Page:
United States District Court, E.D. Arkansas, Jonesboro Division
M. Moody Jr., United States District Judge
is the motion for summary judgment of Plaintiff Hanover
Insurance Company (“Hanover”). The motion was
converted by the Court from a motion for judgment on the
pleadings. The parties were given notice of the conversion
and filed supplemental pleadings. For the reasons stated
below, the motion is granted.
Dunbar Mechanical Contractors (“Dunbar”) bid on a
U.S. Government Department of the Army Corp of Engineers
contract to complete construction on Ditch 27 &
Tributaries in Mississippi County, Arkansas (the “Ditch
27 Project”). The Ditch 27 Project is a Service
Disabled Veteran Set-Aside project which has certain
requirements. In order to be awarded the contract, the bidder
must be a Service Disabled Veteran-Owned Business
(“SDVOB”) and must agree that “it will not
pay more than 85% of the amount paid by the government to it
to firms that are not similarly situated.” 13 C.F.R.
§ 125.6(a)(3). In other words, an SDVOB must perform at
least 15% of the work on the Ditch 27 Project itself.
an SDVOB, was awarded the Ditch 27 Project W912EQ-14-B-003 at
the price of $2, 047, 455.74. On the same day the Ditch 27
Project was awarded, Dunbar entered into a subcontract
agreement (the “Subcontract”) with Harding
Enterprises, LLC (“Harding”) to “[p]rovide
all work that was provided in the proposal Contract
Documents: The contract documents shall consist of the Plans
& Specifications; Safety Attachment; the invitation to
Bid, dated 10/07/13, and this Agreement.” (ECF No.
1-3). The project is named W912EQ-14-B-003 Ditch 27 &
Tributaries Mississippi County, Arkansas. The Subcontract
expressly states that Dunbar would pay Harding $1, 794,
136.00 as full compensation for all the work done. (ECF No.
1-3). This represents 87.6% of the Ditch 27 Project.
one month later, Billy W. Dunbar of Dunbar Mechanical
Contractors entered into a separate Employment Agreement with
Gregg Harding, the sole member of Harding Enterprises, LLC.
Gregg Harding was employed as the project manager for the
Ditch 27 Project for $62, 000 in compensation. (ECF No. 1-4).
Billy W. Dunbar and Joan Dunbar are the only members of
Dunbar Mechanical Contractors. Neither Harding Enterprises,
LLC nor Gregg Harding are SDVOBs.
request of Harding, Hanover issued a Subcontract Performance
Bond and a Subcontract Payment Bond in the penal sum amount
of the Subcontract, $1, 794, 136.00 on behalf of Harding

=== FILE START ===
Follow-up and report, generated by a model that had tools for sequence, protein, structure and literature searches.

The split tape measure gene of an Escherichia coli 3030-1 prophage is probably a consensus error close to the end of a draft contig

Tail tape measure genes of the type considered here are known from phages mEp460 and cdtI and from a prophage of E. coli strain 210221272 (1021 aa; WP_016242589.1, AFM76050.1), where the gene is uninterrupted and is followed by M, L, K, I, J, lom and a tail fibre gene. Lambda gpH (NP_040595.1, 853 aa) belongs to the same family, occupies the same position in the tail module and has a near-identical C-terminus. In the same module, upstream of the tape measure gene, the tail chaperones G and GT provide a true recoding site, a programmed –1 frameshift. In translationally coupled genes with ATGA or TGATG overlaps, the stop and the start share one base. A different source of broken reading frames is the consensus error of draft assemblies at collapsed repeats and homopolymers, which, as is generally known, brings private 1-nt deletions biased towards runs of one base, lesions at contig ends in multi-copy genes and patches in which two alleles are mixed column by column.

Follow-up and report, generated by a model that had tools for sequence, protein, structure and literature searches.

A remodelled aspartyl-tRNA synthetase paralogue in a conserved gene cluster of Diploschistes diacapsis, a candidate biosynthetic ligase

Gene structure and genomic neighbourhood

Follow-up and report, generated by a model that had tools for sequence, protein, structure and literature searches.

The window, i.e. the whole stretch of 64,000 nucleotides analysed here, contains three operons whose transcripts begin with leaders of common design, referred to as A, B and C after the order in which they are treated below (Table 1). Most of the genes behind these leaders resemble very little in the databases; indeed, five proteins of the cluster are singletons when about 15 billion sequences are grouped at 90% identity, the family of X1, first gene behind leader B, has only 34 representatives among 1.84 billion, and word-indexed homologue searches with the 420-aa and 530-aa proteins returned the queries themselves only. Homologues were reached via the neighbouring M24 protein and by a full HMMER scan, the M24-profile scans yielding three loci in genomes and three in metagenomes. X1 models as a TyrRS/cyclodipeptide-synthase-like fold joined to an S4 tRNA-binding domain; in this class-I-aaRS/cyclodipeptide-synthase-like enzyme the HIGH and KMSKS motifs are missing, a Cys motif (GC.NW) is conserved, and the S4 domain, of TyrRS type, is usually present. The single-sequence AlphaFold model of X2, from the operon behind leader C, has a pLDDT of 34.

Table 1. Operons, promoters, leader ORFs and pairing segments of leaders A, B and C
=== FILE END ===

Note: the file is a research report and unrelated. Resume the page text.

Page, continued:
Enterprises, LLC as the Principal to Dunbar Mechanical
Contractors as the Obligee (the “Bond”). The
purpose of the Bond was to guarantee Harding Enterprise's
performance of the Subcontract between Dunbar and Harding. In
the event of Harding's default of the Subcontract,
Hanover would be obligated under the Bond to a) complete the
Subcontract, (b) obtain new contractors to complete the
Subcontract, (c) pay Dunbar, or (d) deny liability. (ECF No.
1-5 at p. 2).
April 20, 2017, Dunbar advised Hanover that Dunbar intended
to terminate the Subcontract with Harding and the employment
contract with Gregg Harding based on Harding's alleged
default. Dunbar demanded performance by Hanover under the
Bond. During its investigation of the claim, Hanover
discovered that Dunbar was allegedly in violation of its
Ditch 27 Project contract with the Government because Dunbar
had subcontracted with a non-SDVOB for more than 85% of the
Ditch 27 Project price. Hanover denied Dunbar's claim
pursuant to Paragraph 4.4 of the Bond. Hanover filed this
suit for declaratory judgment seeking a declaration that
Hanover has no obligations under the Bond to complete the
Ditch 27 Project and no obligations under the Bond to Dunbar
for payment of money or performance of the Subcontract.
Hanover also seeks to rescind the Bond.
Standard for Summary Judgment
judgment is appropriate only when there is no genuine issue
of material fact, so that the dispute may be decided solely
on legal grounds. Holloway v. Lockhart, 813 F.2d 874
(8th Cir. 1987); Fed.R.Civ.P. 56. The Supreme Court has
established guidelines to assist trial courts in determining
whether this standard has been met:
The inquiry performed is the threshold inquiry of determining
whether there is a need for trial -- whether, in other words,
there are genuine factual issues that properly can be
resolved only by a finder of fact because they may reasonably
be resolved in favor of either party.
Anderson v. Liberty Lobby, Inc., 477 U.S.
242, 250 (1986).
Eighth Circuit Court of Appeals has cautioned that summary
judgment should be invoked carefully so that no person will
be improperly deprived of a trial of disputed factual issues.
Inland Oil & Transport Co. v. United States, 600
F.2d 725 (8th Cir. 1979), cert. denied, 444 U.S. 991
(1979). The Eighth Circuit set out the burden of the parties
in connection with a summary judgment motion in Counts v.
M.K. Ferguson Co., 862 F.2d 1338 (8th Cir. 1988):
[T]he burden on the moving party for summary judgment is only
to demonstrate, i.e., D[to] point out to the
District Court, D that the record does not disclose a genuine
dispute on a material fact. It is enough for the movant to
bring up the fact that the record does not contain such an
issue and to identify that part of the record which bears out
his assertion. Once this is done his burden is discharged,
and, if the record in fact bears out the claim that no
genuine dispute exists on any material fact, it is then the
respondents burden to set forth affirmative evidence,